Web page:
Through no fault of my own, I’ve seen each of the three films on the day they came out, and my biggest gripe with the second was the notable lack of kinky sex. Christian does, after all, have a red velvet-walled room of pain loaded with every kind of whip, flog and restraint you could imagine.

This change in sexual prevalence can be explained by the change in director. The first movie is directed by Sam Taylor-Johnson, a woman from south London whose career focused more on fine art than sexual deviancy. She stepped away from the series after disagreements with the books’ author, E.L. James, and even regretted her involvement with the first film.

Cue James Foley. Foley’s most notable work was his direction of “Glengarry Glen Ross,” but I’ll attribute that to David Mamet’s script and top-notch performances by Al Pacino and Jack Lemmon, rather than Foley’s directional prowess.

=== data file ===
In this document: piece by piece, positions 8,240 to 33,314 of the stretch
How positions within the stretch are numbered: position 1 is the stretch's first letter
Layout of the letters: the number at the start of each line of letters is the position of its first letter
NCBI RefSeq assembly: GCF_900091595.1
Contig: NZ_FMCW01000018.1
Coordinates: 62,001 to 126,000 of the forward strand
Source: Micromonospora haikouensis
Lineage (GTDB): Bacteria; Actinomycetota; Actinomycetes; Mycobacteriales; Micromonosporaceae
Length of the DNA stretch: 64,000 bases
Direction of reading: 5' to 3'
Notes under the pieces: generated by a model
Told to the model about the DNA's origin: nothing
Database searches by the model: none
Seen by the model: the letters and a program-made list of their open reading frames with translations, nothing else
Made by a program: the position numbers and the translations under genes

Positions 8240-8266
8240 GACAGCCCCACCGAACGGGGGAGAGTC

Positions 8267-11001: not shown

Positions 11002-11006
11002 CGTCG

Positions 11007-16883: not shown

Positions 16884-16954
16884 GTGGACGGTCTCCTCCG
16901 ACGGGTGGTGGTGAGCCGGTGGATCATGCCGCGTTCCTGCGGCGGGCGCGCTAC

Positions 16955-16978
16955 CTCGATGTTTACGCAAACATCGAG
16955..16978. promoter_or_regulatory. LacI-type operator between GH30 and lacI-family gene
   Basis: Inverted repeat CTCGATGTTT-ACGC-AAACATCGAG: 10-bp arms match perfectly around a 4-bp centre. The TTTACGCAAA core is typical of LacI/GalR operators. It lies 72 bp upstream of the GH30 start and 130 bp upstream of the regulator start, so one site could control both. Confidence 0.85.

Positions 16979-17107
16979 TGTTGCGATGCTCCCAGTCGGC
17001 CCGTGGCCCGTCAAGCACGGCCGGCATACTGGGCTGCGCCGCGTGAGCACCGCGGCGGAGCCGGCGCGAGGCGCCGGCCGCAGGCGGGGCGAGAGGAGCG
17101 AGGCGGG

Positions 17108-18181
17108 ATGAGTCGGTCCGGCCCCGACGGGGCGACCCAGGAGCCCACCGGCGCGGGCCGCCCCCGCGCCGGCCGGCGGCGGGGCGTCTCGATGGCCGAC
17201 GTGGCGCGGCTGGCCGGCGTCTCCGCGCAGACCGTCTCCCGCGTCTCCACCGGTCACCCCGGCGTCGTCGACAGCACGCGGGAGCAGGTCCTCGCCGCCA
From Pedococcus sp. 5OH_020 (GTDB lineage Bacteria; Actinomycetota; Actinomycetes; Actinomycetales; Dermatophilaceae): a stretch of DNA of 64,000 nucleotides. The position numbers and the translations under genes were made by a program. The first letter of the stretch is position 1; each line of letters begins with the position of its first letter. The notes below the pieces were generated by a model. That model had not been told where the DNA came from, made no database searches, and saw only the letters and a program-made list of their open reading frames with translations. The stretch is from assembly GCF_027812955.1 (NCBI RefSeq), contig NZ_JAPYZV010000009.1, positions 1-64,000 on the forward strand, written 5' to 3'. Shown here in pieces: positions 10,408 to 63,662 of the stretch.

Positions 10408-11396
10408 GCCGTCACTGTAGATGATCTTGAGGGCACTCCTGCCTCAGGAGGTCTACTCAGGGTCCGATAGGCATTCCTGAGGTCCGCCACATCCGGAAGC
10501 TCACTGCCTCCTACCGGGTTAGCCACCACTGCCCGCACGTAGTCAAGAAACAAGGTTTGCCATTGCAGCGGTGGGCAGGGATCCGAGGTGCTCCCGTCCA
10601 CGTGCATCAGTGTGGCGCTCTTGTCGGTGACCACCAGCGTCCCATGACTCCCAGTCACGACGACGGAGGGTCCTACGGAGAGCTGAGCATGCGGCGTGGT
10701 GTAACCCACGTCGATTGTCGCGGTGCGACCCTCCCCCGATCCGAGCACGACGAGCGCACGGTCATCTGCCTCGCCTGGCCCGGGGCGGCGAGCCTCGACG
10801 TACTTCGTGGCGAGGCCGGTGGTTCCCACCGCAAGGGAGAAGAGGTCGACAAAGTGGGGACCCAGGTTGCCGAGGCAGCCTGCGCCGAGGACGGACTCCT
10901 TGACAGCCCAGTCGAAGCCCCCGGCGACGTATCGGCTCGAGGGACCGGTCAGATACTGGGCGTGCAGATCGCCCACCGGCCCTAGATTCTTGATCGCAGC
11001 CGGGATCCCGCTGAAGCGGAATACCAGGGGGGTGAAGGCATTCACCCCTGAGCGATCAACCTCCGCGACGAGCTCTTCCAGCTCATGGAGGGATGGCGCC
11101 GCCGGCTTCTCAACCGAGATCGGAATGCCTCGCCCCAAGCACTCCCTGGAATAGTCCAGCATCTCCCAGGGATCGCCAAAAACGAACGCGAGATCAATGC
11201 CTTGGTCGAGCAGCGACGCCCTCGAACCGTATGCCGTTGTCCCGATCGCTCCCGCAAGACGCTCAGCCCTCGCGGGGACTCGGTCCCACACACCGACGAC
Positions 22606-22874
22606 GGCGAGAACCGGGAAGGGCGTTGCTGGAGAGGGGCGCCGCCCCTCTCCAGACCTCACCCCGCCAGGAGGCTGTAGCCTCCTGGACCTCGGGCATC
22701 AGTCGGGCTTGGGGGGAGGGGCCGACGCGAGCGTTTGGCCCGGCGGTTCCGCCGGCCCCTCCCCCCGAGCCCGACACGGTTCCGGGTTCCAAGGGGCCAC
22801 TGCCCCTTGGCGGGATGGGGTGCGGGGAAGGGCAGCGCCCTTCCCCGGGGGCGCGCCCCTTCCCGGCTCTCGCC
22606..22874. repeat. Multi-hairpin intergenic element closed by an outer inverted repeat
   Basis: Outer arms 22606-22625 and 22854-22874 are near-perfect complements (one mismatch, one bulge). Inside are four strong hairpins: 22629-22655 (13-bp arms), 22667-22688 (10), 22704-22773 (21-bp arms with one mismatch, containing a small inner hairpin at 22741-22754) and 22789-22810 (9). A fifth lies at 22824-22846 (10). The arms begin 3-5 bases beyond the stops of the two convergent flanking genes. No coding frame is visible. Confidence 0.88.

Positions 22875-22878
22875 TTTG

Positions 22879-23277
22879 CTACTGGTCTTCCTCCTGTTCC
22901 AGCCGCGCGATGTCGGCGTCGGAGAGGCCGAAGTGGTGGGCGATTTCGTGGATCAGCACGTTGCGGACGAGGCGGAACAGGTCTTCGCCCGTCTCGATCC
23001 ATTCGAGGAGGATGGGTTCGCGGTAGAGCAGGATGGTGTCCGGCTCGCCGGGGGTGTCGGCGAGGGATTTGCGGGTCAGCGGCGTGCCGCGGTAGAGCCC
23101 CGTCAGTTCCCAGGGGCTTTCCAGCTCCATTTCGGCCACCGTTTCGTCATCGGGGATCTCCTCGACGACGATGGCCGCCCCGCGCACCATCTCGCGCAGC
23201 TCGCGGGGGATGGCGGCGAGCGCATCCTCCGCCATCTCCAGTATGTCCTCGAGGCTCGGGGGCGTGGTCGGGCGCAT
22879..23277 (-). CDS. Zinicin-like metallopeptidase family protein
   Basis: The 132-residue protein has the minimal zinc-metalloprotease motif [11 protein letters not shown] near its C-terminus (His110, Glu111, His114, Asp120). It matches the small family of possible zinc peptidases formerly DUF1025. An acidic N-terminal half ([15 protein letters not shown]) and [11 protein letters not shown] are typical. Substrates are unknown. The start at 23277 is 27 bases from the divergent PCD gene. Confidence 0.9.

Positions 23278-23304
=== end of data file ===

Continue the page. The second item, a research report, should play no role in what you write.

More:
Foley’s visions of “Fifty Shades Darker” and “Fifty Shades Freed” were decidedly unimaginative. It was as though he took the most clichéd parts of every other love story ever and strung them together with a soundtrack that could be rivaled only by a 95 Triple X playlist, which not-so-ironically shares many of the same songs.

“Freed” starts out with a gratuitous wedding montage, culminating with Christian whisking his virgin-turned-submissive-turned-bride away to Paris (who would’ve guessed). Foley graces us with another montage here, showing the pair biking under L’Arc de Triomphe, canoodling in front of the Louvre and attending the opera. We even get a nice shot of some under-the-covers missionary that would almost make Mike Pence blush.

Unfortunately for Christian and Ana, their honeymoon is cut short when an explosive is set off in a server room at one of Christian’s companies. If you were wondering what kind of nefarious villain could pull off such a stunt, fear not. He is immediately identified as none other than Hyde, Ana’s former boss. Please hold your collective gasps.

Ana returns to work to find that her office has been completely redone and that she was promoted to Senior Fiction Editor. This was a surprising bit of news, not only because most people don’t get promoted while they’re on a several-week vacation, but also because Ana was already promoted to Senior Fiction Editor in the second film, following Hyde’s sacking. Even then, her merit for the promotion was tenuous at best since, you know, she was a 21-year-old assistant fresh out of college.